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22. Boscoreale, Villa rustica nel fondo Pasquale Vitiello.

Excavated 1901 -1902.

 

Location.

The fondo of Mr. Pasquale Vitiello, in contrada Centopiedi al Tirone, comune di Boscoreale.

The location was (in 1903) close to the sanctuary of Valle di Pompei, a little further to the north.

 

Bibliography

Notizie degli Scavi di Antichità, 1903, pp. 64 ff.

Carrington, R. 1931. Studies in the Campanian Villae Rusticae: Journal of Roman Studies, 21, pp. 117 (n.22) and note 3, p. 121, fig. 16, p. 126, 129.

Casale A., Bianco A., Primo contributo alla topografia del suburbio pompeiano: Supplemento al n. 15 di ANTIQUA ottobre-dicembre 1979, 30, p. 36.

Crova, B. 1942. Edilizia e tecnica rurale di Roma antica, Milano, pp. 184ff, fig. 34.

Day, J., 1932. Agriculture in the life of Pompeii: Yale Classical Studies, 3, p.186, tav. B, C, n.22.

Fabbricotti, E., 1976. I bagni nelle prime ville romane: Cronache Pompeiane, 2, pp. 29-111, p. 35, fig. 2.

Garcia y Garcia L., 2017. Scavi Privati nel Territorio di Pompei. Roma: Arbor Sapientiae,

Rostovzev, M., 1973. Storia economica e sociale dell'Impero Romano, Firenze, 5° ediz, p. 34, note 26, n. 22.

 

Plan

 

Boscoreale, Villa rustica in the fondo Vitiello. Plan of villa.
According to Casale & Bianco, “this Villa rustica explored in the fondo Vitiello between 1901 and 1902, in contrada Centopiedi al Tirone, comune di Pompei. Presso il canale Sarno.”
See Casale A., Bianco A., Primo contributo alla topografia del suburbio pompeiano: Supplemento al n. 15 di ANTIQUA ottobre-dicembre 1979, no. 30, p. 36 (and plan in fig. 12.)

Boscoreale, Villa rustica in the fondo Vitiello. Plan of villa.

According to Casale & Bianco, “this Villa rustica explored in the fondo Vitiello between 1901 and 1902, in contrada Centopiedi al Tirone, comune di Pompei. Presso il canale Sarno.”

See Casale A., Bianco A., Primo contributo alla topografia del suburbio pompeiano: Supplemento al n. 15 di ANTIQUA ottobre-dicembre 1979, no. 30, p. 36 (and plan in fig. 12.)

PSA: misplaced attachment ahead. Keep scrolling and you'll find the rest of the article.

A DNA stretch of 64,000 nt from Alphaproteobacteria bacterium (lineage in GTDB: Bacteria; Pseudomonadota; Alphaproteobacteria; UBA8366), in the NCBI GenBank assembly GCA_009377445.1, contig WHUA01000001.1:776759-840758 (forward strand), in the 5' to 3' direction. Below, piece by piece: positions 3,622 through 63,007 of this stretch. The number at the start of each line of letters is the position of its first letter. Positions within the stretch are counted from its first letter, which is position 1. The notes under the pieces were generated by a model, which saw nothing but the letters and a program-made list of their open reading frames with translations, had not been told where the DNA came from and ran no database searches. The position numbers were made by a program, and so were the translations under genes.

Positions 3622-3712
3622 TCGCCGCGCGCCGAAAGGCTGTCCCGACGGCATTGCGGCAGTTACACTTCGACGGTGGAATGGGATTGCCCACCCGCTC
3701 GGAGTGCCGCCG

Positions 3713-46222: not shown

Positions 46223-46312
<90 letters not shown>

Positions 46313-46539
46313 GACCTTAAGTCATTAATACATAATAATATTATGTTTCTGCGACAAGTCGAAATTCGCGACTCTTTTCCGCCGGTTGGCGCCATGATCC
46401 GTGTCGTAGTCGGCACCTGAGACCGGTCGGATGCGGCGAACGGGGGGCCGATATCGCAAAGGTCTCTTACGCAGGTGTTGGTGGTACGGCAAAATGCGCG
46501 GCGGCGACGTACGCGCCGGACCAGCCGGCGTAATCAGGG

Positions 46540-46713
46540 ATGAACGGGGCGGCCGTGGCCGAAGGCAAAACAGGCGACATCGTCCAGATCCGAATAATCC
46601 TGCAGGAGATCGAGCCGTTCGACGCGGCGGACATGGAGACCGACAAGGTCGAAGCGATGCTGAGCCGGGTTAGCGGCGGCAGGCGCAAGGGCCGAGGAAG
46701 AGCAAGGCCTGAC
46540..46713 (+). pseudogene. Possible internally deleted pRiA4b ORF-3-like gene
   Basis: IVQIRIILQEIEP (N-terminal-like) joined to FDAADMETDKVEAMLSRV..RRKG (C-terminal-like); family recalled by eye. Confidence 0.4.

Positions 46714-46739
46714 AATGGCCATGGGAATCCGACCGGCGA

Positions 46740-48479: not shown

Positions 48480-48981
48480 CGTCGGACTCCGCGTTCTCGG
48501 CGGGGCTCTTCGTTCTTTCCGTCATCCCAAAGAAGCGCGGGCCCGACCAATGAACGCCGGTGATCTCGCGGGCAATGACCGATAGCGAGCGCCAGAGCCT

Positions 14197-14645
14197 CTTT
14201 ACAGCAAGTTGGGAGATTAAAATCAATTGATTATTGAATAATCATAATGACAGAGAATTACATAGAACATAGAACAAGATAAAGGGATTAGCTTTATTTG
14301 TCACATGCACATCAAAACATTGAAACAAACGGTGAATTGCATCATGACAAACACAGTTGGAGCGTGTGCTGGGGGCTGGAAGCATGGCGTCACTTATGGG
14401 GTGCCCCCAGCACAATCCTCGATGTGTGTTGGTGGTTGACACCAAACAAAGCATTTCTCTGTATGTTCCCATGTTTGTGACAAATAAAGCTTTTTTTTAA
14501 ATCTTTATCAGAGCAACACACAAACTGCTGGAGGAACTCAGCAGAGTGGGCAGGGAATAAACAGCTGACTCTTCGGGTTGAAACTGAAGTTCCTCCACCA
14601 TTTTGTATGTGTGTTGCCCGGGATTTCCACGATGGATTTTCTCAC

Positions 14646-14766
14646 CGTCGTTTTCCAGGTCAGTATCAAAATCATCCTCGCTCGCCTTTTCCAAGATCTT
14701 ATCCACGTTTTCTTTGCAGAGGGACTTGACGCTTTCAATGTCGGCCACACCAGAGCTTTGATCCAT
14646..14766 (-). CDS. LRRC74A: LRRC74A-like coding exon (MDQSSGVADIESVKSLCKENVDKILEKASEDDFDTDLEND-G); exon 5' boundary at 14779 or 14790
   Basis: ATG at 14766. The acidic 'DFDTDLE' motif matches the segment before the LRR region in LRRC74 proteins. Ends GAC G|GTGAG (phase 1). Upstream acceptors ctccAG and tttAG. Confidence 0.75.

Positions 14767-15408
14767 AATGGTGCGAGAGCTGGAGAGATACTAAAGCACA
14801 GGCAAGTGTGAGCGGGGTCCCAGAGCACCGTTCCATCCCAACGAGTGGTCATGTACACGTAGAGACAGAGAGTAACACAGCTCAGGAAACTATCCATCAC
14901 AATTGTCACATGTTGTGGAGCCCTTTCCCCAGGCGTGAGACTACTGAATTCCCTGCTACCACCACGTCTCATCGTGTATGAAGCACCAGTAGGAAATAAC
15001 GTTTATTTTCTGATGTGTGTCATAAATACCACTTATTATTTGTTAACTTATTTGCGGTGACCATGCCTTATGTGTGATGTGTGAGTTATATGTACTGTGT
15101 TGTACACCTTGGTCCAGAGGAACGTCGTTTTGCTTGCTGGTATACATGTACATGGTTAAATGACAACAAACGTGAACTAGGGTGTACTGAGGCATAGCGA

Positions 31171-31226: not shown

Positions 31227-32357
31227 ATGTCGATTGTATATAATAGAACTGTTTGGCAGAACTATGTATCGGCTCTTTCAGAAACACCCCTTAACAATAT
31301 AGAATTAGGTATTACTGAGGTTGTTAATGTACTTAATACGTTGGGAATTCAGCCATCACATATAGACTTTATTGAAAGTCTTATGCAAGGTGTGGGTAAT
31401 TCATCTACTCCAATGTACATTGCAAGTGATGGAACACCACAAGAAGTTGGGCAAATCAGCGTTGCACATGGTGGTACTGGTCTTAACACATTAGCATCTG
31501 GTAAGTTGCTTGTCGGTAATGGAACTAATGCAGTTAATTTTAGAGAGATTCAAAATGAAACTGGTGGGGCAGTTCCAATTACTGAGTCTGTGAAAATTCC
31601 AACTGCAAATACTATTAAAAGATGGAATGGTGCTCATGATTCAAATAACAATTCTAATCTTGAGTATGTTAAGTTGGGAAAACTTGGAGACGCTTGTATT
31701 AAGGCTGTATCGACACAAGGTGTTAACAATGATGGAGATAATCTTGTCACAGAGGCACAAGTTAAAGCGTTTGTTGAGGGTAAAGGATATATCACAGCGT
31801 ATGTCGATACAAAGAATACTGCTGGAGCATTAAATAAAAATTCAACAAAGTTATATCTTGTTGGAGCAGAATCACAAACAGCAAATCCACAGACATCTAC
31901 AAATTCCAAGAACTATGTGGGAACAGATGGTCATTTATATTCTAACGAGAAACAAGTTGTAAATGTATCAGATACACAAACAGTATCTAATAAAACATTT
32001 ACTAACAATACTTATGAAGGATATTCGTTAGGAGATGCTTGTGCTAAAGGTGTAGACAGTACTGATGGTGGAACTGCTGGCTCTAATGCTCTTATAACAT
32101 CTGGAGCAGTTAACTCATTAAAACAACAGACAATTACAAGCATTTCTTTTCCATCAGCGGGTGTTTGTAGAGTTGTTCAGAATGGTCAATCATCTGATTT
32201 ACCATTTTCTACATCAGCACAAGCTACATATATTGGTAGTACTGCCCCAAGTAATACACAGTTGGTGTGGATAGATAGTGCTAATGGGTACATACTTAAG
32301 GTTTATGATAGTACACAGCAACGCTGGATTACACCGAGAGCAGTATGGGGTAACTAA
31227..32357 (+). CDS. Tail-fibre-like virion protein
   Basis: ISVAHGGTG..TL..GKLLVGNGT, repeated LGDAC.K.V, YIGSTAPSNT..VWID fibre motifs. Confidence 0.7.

According to Fabbricotti,

La villa di Centopiedi ha un unico ambiente decorato con pitture di I e II stile: la maggior parte degli altri locali sono rozzi e senza rivestimento. Nell’ala orientale vi era una stanza da bagno, di modeste dimensioni, con una parete in comune con la cucina.  La vasca da bagno, con cannella piccola, era situata in una nicchia. Questa stanza, senza parete vuote, ne pavimento sospeso era dotata di un riscaldimento ottenuto con una piccola stufa, posta nell’angolo Sud-Est.

 

The villa of Centopiedi had one room decorated with paintings of I and II style: most of the other areas were rough and without decoration.

In the east ala there was a bathroom of modest dimensions, with a common wall with the kitchen.  The bathtub, with small water-pipe/tap, was situated in a niche.

This room, without empty wall spaces, nor suspended floor, was equipped with a heater by using a small stove, placed in the south-east corner.

(and note 17: see NdS, 1903, p.64).

See Fabbricotti, E: Cronache pompeiane 2: 1976, p.33-34, fig 2.

 

Notizie degli Scavi, 1903, p.65

 

BOSCOREALE — Villa rustica found in contrada Centopiedi, Tirone.

 

Mr. Carlo Rossi, subject to ministerial authorization, had carried out excavations at the farm of Mr. Pasquale Vitiello, in contrada Centopiedi at Tirone, comune di Boscoreale, from October 31, 1901 to January 18, 1902.